If you’re disabled yet keen to travel, a cruise is perhaps the best option. Seeing the world with complete ease, it’s the ideal way to visit multiple destinations without the hassle of multiple plane journeys or an excessive amount of movement. However, with that being said, it’s still vital you’re doing all you can to prepare and make it easy for yourself.
Here are five ways to ensure smooth sailing when cruising with a disability.
Perhaps the most important thing to do in making the cruise easier for yourself comes before you’ve even boarded. It’s crucial you take the time to thoroughly research your options, considering everything from the route the ship takes all the way through to the facilities on board the boat itself.
And, of course, your priority should be the accessibility. It’s important the ship you choose caters to disabled passengers – often you can find details upon the website of the cruise, if not in any brochure or alternative guide. If you’re still unsure on the suitability of the ship for you, consider making a phone call and discussing directly with the cruise line to ensure you’re making the right decision.
Once you’ve made an informed decision, be sure to think about the itinerary of the cruise and where you’ll be going. The whole point of going on a cruise is disembarking at various countries along the way and exploring, which could prove to be difficult in certain areas of the world – although it’s always an option to stay on the boat, it’s not what you’re cruising for.
Let the staff know beforehand
It’s likely the majority of staff will already be aware of any needs or considerations you have in order to make your cruise comfortable and enjoyable. But, on the off chance someone isn’t aware, be sure to politely let them know. Often, staff on cruise ships are almost overwhelmingly friendly and willing to do all they can to accommodate you and make you feel at home, so don’t fret.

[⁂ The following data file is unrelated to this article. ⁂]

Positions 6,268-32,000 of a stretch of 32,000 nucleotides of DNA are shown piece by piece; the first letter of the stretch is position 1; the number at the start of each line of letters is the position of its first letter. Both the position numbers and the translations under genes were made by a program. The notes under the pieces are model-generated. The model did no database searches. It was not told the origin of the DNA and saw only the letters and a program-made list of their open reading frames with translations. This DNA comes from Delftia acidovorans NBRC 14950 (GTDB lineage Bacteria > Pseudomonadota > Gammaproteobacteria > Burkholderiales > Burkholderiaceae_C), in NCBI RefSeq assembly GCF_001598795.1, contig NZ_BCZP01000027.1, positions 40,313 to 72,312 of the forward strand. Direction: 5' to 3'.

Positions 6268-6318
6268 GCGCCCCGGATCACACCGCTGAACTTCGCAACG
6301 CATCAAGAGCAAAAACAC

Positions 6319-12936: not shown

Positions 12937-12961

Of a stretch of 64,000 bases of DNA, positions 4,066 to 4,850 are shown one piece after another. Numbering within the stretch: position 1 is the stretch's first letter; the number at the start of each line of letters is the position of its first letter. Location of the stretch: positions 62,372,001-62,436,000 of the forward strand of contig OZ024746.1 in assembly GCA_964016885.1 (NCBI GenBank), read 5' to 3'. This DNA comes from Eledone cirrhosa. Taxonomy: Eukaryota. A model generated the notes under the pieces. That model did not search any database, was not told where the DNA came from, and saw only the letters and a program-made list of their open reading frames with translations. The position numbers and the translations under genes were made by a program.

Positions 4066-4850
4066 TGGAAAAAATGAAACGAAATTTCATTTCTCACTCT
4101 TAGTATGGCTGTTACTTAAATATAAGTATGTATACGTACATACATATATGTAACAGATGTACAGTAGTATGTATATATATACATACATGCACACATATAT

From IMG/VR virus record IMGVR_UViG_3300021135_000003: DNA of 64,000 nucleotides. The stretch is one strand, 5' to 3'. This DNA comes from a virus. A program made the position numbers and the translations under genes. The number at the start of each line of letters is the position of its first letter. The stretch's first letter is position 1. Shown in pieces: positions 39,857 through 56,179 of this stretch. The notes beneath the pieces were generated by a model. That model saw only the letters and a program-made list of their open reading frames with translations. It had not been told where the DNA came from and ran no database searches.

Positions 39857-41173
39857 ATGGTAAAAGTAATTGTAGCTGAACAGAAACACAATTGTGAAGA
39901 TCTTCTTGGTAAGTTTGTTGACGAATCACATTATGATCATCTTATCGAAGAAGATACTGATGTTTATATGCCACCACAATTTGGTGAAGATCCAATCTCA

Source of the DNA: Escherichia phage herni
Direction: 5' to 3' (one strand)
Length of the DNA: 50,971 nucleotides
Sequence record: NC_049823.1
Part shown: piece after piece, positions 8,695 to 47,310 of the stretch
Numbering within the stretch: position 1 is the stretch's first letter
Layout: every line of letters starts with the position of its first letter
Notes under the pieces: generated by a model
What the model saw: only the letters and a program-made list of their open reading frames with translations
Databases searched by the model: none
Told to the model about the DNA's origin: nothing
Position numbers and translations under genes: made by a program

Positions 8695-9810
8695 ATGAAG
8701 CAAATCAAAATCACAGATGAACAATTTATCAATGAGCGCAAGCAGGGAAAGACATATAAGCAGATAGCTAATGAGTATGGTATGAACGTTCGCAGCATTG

Whether you need to change rooms, you need assistance moving through the ship or you simply have a minor query you need to be addressed, don’t hesitate to simply ask. You’ll be met with a warm reception, as the staff’s main focus is satisfying guests and ensuring their time spent on and off the ship is a good one.
Have an accessible room
Speaking of rooms, it’s important to ensure during the booking process that you’re securing a room suitable for you. This is especially important if you’re wheelchair-bound – ensure you’re on a floor where no stairs are required. And, although elevators make it easier to go up and down, in the case of an emergency you could be stuck if they’re out of service.
Again, it may be worth directly contacting the cruise line to see if there are any available rooms perfectly catered to you. With a prime location and easy access, it’s certainly worth asking.
Consider embarking and disembarking the boat, the proximity to the upper deck and to the ship’s restaurants and places for entertainment, and ensure you’ll easily be able to get from A to B. Cruise ships are large, and so it’s crucial you’re situated in the right part of it.
Ensure the destinations you’re visiting are suitable
As previously mentioned, it’s vital you ensure the destinations the ship will be stopping at are suitable for you to head off and explore. It’ll often be cities, which are a safe bet – there’ll be no issue traversing the streets, especially in a well-developed area. If, however, you want to cruise to the more wild, untamed places, such as Caribbean shores or Southeast Asian jungles, you need to consider your mobility.
And, depending on where you’re travelling to, you need to be prepared. It’s a good idea to save some emergency numbers on your phone should you come into danger or injure yourself – although the chances of it are highly unlikely. A great tip for if you’re travelling in Europe is that the emergency number remains the same. Save 112 on your phone and the emergency services are just one call away.
Bring the right equipment with you
If you require some additional things to help you on your cruise, make sure you’re able to bring them. If you’re wheelchair-bound it’s almost always allowed, but should you require any additional medical supplies or equipment, be sure to run it by the cruise line first.
As previously mentioned they’ll likely do all they can to accommodate and welcome you, but sometimes things could be off limits for security or space reasons. It’s crucial you check beforehand to ensure you’re kept safe on the boat within reason.